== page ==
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Galveston, Texas is a small coastal island town on the Gulf Coast and is known for Moody Gardens, which houses many animals and exhibits in their iconic glass pyramids. Historic carnival rides and restaurants line the beach on the wooden boardwalk. But how did this island grow from, well an island, to a bustling port that draws tourists back year after year?
The History of Galveston
Well, it all started back in 1528 when the first Europeans landed in the Americas and discovered the Akokisa and the Karankawa Indians, who would camp, hunt, and bury their dead in the swampy land of the island. Cabeza de Vaca was a Spanish explorer who was shipwrecked and lived with the Karankawa Indians as a medicine man and a slave. The name Galveston comes from Bernardo de Gálvez, who was a Spanish colonial governor and general. Bernardo sent Jose de Evia to chart the Gulf Coast from Texas to New Orleans. Evia discovered an area near the mouth of Trinity Bay and on July 23, 1786, named it Galveston Bay. The island and city took the same name later that year. Sadly, Gálvez died in 1786, having never set foot on his island. However, Jose de Evia wasn’t the man who settled the town.
Jean Lafitte, a sophisticated privateer, established the colony of Campeche on Galveston Island in 1817 with a population count of 1,000. Later, Jean was forced to leave the town (torching it behind him). Michel Menard and Samuel May Williams founded the Galveston we all know and love. In the 17th century, Galveston grew into the largest seaport in Texas, which is saying something because Texas is a massive state. It housed the first Texas opera house, the first post office, hospital, golf course, etc.
On September 8th, 1900, Galveston was hit by the “Great Storm,” a hurricane that wiped out one-third of the city and killed 6,000 people. However, this didn’t stop the survivors from rebuilding their city. The entire city was raised eight feet, and the seawall was raised seventeen feet above sea level. Engineer Henry Martyn Robert devised a plan to slant the ground around the seawall to allow water to run off into the bay.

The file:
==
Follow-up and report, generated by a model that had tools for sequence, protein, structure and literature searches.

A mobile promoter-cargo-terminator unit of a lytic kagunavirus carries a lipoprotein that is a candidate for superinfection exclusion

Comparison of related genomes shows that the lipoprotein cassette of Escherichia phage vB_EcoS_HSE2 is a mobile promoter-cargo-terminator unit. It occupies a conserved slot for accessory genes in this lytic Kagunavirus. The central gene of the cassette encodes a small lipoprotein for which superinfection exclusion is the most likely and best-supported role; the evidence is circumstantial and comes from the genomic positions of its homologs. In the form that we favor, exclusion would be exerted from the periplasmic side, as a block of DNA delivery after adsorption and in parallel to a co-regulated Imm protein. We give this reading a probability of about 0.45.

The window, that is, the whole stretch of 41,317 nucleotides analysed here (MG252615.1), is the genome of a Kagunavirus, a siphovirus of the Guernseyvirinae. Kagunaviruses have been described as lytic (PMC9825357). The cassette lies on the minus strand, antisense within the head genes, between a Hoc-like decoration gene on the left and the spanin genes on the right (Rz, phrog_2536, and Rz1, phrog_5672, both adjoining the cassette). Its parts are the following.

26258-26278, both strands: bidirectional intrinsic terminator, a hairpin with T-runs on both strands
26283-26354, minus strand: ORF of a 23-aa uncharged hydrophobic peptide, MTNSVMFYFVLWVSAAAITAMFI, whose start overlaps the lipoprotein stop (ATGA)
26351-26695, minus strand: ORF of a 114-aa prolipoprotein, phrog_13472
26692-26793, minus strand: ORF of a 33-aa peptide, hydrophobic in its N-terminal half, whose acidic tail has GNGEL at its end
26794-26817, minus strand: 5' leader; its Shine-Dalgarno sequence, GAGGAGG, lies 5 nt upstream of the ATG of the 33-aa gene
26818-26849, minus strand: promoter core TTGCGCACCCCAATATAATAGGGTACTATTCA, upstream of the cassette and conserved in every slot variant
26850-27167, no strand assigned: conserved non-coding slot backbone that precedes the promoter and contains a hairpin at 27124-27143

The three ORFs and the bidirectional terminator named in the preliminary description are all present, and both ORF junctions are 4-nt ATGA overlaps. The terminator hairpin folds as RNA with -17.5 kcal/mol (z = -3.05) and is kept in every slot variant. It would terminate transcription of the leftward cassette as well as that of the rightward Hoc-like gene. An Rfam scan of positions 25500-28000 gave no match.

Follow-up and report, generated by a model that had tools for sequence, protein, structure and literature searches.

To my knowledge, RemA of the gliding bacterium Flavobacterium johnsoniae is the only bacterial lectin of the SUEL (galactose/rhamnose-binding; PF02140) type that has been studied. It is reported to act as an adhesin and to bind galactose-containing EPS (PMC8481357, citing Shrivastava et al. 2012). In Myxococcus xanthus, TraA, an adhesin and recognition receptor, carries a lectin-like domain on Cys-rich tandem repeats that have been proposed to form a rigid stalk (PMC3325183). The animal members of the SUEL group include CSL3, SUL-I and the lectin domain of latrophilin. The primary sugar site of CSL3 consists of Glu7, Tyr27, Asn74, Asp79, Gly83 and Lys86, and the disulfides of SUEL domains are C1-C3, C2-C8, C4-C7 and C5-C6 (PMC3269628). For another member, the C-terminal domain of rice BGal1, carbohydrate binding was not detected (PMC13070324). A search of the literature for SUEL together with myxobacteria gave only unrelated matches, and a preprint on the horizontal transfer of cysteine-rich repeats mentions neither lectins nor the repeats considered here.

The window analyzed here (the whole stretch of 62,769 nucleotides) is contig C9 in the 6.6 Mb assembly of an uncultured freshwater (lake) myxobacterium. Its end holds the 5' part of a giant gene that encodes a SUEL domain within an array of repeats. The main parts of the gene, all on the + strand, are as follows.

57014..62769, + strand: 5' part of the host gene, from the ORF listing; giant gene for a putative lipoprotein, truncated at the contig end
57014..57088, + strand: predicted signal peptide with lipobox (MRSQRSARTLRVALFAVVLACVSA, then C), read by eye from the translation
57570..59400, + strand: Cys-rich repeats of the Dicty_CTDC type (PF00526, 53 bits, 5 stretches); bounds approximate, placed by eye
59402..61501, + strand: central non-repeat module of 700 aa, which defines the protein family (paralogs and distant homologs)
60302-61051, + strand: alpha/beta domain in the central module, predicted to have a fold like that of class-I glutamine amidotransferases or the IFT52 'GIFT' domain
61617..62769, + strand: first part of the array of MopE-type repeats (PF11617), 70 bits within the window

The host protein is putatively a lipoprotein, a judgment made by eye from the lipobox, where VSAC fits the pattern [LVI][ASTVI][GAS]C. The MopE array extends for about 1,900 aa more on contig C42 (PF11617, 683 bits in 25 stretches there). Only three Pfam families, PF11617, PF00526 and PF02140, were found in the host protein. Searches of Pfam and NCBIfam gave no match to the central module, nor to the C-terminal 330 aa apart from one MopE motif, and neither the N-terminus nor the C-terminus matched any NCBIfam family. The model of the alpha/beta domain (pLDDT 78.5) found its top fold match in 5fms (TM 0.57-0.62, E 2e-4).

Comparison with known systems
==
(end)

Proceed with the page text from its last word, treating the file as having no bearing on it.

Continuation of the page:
I had so much fun exploring the beach, visiting Moody Gardens, and learning all about oil rigs at the Ocean Star Oil Rig Museum even though the temperature would vary between 48-58 degrees without a wind chill. The ocean wind would lower the temperature, but that didn’t stop me from exploring. Each morning, I spent an hour walking down the coast searching for shells and other oddities. I collected a few shells and a lifetime of memories.
The Festival of Lights at Moody Gardens was enthralling because each exhibit showcased a unique scene that was sponsored by a local business. I also enjoyed the light up nativity scene. Now, this wasn’t a traditional nativity. Any time the narrator would begin to tell a part of the story, the lights would change to match the new scene.
The Ocean Star was so cool! (I filmed a few clips for my first video, and I said that probably five to six times.) It’s an old oil rig that has been transformed into a museum that educates people all about offshore drilling, jobs in the industry, and how the whole world is affected by petroleum. It also shows how the wells are created and drilled.
Why You Should Visit Galveston, Texas
Why should you visit Galveston in December? You should visit Galveston for three reasons: The number of tourists is lower, hotels and rentals are cheaper, and the holidays are in full swing. Since the tourist season is during the summertime, their won’t be as many people crowding the beaches, museums, and downtown, which means you will feel less stressed while you explore. Hotels and rentals are cheaper because there aren’t as many people reserving rooms which means you will have more options. The Christmas holidays are in full swing in December and Galveston celebrates by hosting the 50 days of Christmas. All of the stores hold sales, the restaurants and cafes sell limited-edition dishes, drinks, and desserts.